Abwayax

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Re: My thoughts on the random movesets...
« Reply #3 on: March 25, 2006, 03:31:46 pm »
Quote
So this is where some of the "incorrect mappings" come in - the game is actually accessing Pok?mon data when it goes to look for the attack "HM01" or whatever.
That's not a satisfactory explanation in my opinion - TeamRocketRose has gone through and tried out all the glitch attacks from Struggle onwards and found a variety of effects; that doesn't tally. (Admittedly, when I conducted another experiment to test the same thing the results were different; one attack was the misbehaviour routine for when your Pokemon is too high a level.)
I'd like to point out that:
1. Struggle isn't a glitch attack.
2. That data was orignally collected by - guess who! - me! Team Rocket Rose does little of the actual in-game research herself, most of it is done by visitors to her site. (For your reference, here is the document it came in: http://glitchcity.ath.cx/research.doc. "Nemesis" is a handle I went by in 2003 (when the doc was compiled), and is not to be confused with the Sonic rom hacker "Nemesis". Notice the creepy similarities between that and the info on TRR's hex table.) Not that that really matters, but I feel a bit annoyed when I don't get credit for the info I investigated.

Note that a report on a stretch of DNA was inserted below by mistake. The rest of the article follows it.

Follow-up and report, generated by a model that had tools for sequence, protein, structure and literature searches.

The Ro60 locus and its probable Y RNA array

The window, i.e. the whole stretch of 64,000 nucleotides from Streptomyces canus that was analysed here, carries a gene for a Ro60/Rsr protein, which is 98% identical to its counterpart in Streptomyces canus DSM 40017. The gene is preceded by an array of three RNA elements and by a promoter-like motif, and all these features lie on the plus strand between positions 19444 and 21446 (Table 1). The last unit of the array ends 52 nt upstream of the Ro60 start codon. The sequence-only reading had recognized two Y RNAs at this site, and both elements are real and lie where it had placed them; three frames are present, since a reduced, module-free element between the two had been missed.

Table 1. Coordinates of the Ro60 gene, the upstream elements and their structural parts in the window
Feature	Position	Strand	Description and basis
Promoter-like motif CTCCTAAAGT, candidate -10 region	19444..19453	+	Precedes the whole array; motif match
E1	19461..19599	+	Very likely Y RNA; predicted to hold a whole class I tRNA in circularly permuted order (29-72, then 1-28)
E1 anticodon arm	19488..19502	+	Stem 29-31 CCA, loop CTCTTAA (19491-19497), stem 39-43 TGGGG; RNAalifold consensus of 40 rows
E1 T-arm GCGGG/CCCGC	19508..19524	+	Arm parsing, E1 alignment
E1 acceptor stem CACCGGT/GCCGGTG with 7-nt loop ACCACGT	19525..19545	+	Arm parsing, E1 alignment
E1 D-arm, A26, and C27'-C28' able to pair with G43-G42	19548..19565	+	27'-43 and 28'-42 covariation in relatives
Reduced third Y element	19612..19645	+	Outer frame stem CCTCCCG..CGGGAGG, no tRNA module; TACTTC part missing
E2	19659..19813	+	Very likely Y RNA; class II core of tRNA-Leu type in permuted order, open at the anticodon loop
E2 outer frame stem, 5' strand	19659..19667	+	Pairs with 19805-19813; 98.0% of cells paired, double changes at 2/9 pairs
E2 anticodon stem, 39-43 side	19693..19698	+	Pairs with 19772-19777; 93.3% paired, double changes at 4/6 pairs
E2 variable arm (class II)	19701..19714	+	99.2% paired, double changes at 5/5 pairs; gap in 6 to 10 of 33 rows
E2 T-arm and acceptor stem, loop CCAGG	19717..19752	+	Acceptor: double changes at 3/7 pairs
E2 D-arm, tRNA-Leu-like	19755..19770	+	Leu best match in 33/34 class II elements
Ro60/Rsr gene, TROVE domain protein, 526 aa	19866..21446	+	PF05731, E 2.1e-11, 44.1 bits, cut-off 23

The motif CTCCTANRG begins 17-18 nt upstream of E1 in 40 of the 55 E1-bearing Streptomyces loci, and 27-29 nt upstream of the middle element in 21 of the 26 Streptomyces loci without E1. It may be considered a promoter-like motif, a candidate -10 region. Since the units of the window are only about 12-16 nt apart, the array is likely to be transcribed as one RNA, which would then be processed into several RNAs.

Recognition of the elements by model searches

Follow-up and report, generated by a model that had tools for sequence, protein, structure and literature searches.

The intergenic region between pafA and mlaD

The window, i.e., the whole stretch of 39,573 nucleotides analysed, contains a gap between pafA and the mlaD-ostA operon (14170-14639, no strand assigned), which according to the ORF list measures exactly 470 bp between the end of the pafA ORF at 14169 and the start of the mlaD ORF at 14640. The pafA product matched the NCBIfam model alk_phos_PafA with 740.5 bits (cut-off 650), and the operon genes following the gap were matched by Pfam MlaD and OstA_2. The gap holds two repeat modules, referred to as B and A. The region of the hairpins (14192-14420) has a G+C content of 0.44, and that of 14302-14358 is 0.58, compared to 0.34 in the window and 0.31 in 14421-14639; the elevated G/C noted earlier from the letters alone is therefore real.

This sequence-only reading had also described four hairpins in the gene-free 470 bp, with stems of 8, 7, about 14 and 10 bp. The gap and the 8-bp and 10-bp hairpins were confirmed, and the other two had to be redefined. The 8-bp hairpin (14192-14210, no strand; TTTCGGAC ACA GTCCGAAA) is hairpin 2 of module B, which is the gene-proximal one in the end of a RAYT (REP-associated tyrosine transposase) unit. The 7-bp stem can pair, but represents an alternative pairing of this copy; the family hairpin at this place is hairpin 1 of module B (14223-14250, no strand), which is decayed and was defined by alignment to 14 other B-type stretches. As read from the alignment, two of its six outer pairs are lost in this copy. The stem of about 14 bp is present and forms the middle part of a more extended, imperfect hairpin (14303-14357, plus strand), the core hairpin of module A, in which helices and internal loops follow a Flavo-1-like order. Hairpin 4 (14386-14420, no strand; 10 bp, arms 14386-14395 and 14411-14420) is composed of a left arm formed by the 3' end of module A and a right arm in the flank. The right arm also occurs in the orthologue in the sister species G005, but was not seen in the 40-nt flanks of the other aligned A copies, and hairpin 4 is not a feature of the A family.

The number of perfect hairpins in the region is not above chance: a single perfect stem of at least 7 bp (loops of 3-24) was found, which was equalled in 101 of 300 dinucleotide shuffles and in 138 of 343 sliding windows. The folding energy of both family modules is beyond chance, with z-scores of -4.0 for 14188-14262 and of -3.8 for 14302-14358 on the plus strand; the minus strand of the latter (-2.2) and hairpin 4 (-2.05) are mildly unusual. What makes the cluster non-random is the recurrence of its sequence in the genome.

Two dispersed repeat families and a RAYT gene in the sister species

A more in-depth investigation of the attacks from HM01 to TM55 is going on here. The attacks in between the TM attacks and the valid ones seem to have game-wrecking effects (or effects that sometimes wreck the game).

Of course, I haven't actually seen where the two tables overlap; I trust Okk completely because he is one of the experts on the ROM data that I know.

And on another unrelated note - welcome, Quickman, to the forums. :)
A. Malacoda, http://monarch-pass.net

Also malacoda@social.monarch-pass.net and @malacoda:matrix.monarch-pass.net

Also adrianmalacoda or kuschelyagi in some places.

Glitch Reaper

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Re: My thoughts on the random movesets...
« Reply #4 on: April 10, 2006, 01:45:26 pm »
I remember suggesting this before. The programming matrix for Glitch Pokemon is basically grasping at straws. With no built in lv. 100 learning curve or evolution limit strange things will happen. If a database program is use it may be useful to think of it as pulling in adjacent data blocks to continue its own table if not told otherwise.